I found the commenter who posed this as a response to RISC-V interesting. The University of California at Berkeley has a completely public implementation, under the BSD license, without patents filed, which your effort appears to be positioned against.
It is a time-limit on damages, which is not the same thing as a time limit on lawsuits. There is still the potential to restrain an infringer who started 6 or more years ago from further infringement through the courts - and totally kill their business - even though damages for the infringement can not be recovered. And you can sue any other infringer.
Check out My Gate Array Project if you haven't already done so. The EE work is done by Chris Testa KD2BMH, I mostly do systems programming and business but do a lot of design checks, etc.
Repeating the AC because he's posted at karma 0. That's "University of California at Berkeley", AC, but the rest of this is spot on:
Berkeley University is pushing really hard to get universities to adopt RISC-V (an Open ISA and set of cores) as a basis for future processor and architecture research. The motivation behind RISC-V was to have a stable ISA that isn't patent encumbered, isn't owned by one company, and is easily extensible (OpenRISC didn't fit the bill here).
I can see that ARM and MIPS would have a problem with this, especially as there is nothing particularly innovative or performance gaining about either ISA, and some recent RISC-V cores have demonstrated similar performance to some recent ARM cores in half the area. This is there way of fighting back against something open that stands to lose them significant marketshare.
Cool. Someone found us the agenda!
I get paid to train EEs within large companies on intellectual property issues, and to help the companies and their attorneys navigate those issues. Infringement is rife within software companies. Not because anyone wants to infringe, but because of a total lack of due diligence driven by ignorance.
You've made my point for me.
And any informed patent holder knows that any violation must be prosecuted, or the validity of the patent evaporates.
No, that's just the ignorance of the uninformed that "everybody knows", but it's wrong. You don't lose your patent from failing to enforce it. You might be confusing it with trademarks, which can go into the public domain if you allow them to become generic terms rather than specific brands. And you can sometimes lose the capability of being able to enforce against a specific infringer if you hold back until the market develops, that's the Doctrine of Laches. But you don't lose your patent. Nor would you lose your copyright due to failure to enforce.
you must consult with Imagination before you change it.
Yes. And what happens then?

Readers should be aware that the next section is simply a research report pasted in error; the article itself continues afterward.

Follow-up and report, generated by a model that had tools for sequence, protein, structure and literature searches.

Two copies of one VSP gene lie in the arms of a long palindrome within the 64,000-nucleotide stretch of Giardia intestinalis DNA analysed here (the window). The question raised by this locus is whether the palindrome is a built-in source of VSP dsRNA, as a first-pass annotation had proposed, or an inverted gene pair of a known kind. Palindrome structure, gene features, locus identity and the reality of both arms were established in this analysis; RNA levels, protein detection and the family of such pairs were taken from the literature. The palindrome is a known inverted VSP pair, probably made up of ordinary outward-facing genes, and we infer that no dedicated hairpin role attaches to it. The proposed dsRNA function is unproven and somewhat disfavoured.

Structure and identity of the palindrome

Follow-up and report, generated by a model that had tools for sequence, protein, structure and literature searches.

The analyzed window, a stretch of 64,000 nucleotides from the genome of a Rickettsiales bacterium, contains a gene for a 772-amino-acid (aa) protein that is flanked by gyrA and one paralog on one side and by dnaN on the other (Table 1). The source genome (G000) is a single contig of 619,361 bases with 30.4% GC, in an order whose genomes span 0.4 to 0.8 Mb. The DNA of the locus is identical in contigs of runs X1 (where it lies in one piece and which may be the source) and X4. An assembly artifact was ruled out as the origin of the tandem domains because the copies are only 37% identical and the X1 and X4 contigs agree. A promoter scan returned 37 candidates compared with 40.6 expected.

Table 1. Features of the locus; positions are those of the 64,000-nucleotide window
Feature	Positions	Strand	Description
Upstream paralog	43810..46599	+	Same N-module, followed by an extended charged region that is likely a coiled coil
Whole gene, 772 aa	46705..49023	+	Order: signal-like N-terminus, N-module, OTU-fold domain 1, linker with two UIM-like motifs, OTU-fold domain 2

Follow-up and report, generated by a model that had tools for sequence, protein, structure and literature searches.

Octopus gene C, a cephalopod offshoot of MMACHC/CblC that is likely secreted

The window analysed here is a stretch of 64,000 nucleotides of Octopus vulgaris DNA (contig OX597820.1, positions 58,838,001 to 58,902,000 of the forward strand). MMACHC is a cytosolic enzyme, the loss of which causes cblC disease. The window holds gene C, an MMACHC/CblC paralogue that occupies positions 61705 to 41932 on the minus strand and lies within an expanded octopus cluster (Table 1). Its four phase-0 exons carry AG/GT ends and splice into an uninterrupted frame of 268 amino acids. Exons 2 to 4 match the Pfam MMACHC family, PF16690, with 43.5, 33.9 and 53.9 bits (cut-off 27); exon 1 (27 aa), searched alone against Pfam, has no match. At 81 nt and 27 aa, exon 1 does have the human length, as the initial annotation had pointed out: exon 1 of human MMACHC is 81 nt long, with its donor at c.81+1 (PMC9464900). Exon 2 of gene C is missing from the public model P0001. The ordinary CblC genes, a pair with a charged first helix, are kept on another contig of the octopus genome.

I haven't in general met many professors (or EEs) who understand much about intellectual property.
OK. Can we see your agreements, please? Because that did sound very much like trolling for additional intellectual property to add to your portfolio.
People who read this article have pointed out three open CPU designs in addition to the one that I remembered.
While your product might be "production ready", please keep in mind that open projects are very often written to a higher standard than commercial ones, and the researchers involved are no less professional than your own developers. And their projects come with fewer intellectual property issues than yours.
It's only "free" for academia.
Not even them. This is a lure for universities to create tech that they are not allowed to produce in hardware, but the company that provided the original tech can monetize.
The patent terms are whatever they want them to be. In general "reasonable" and "patent" don't happen together much. And "tiny", well I really doubt it.
Having a company provide funds for a research grant and then reap the patent royalties isn't in general a good thing for society. The student researchers get paid like slave labor (if they get paid at all) and put what may be the best idea of their lives in some company's pockets.
It's very common these days for companies to allow universities to use their technology at the cost of tying the company into the university's patent revenue. And of course this is often publicly-funded research, so not only is the taxpayer paying for the development of patents used to sue that same taxpayer, the patents go directly to a company from academia.
The net effect is to feed intellectual property centered companies at the expense of the technology sector in general and small technology companies in particular.
Yep. A physicist trying to explain a balanced line to other physicists, without knowing the word for it.
Haldane would be spinning in his grave.
If the end of the coil that is hanging is grounded (earthed), it becomes an autotransformer. As it's shown, it's a variable inductor and the disconnected end is irrelevant and has no meaningful physical effect at the frequency a spark transmitter could have reached.
This comment seems to get closer to what they actually mean in their scientific paper. But the article about it is garble and the paper might suffer from second-language issues, and a lack of familiarity with the terms used in RF engineering.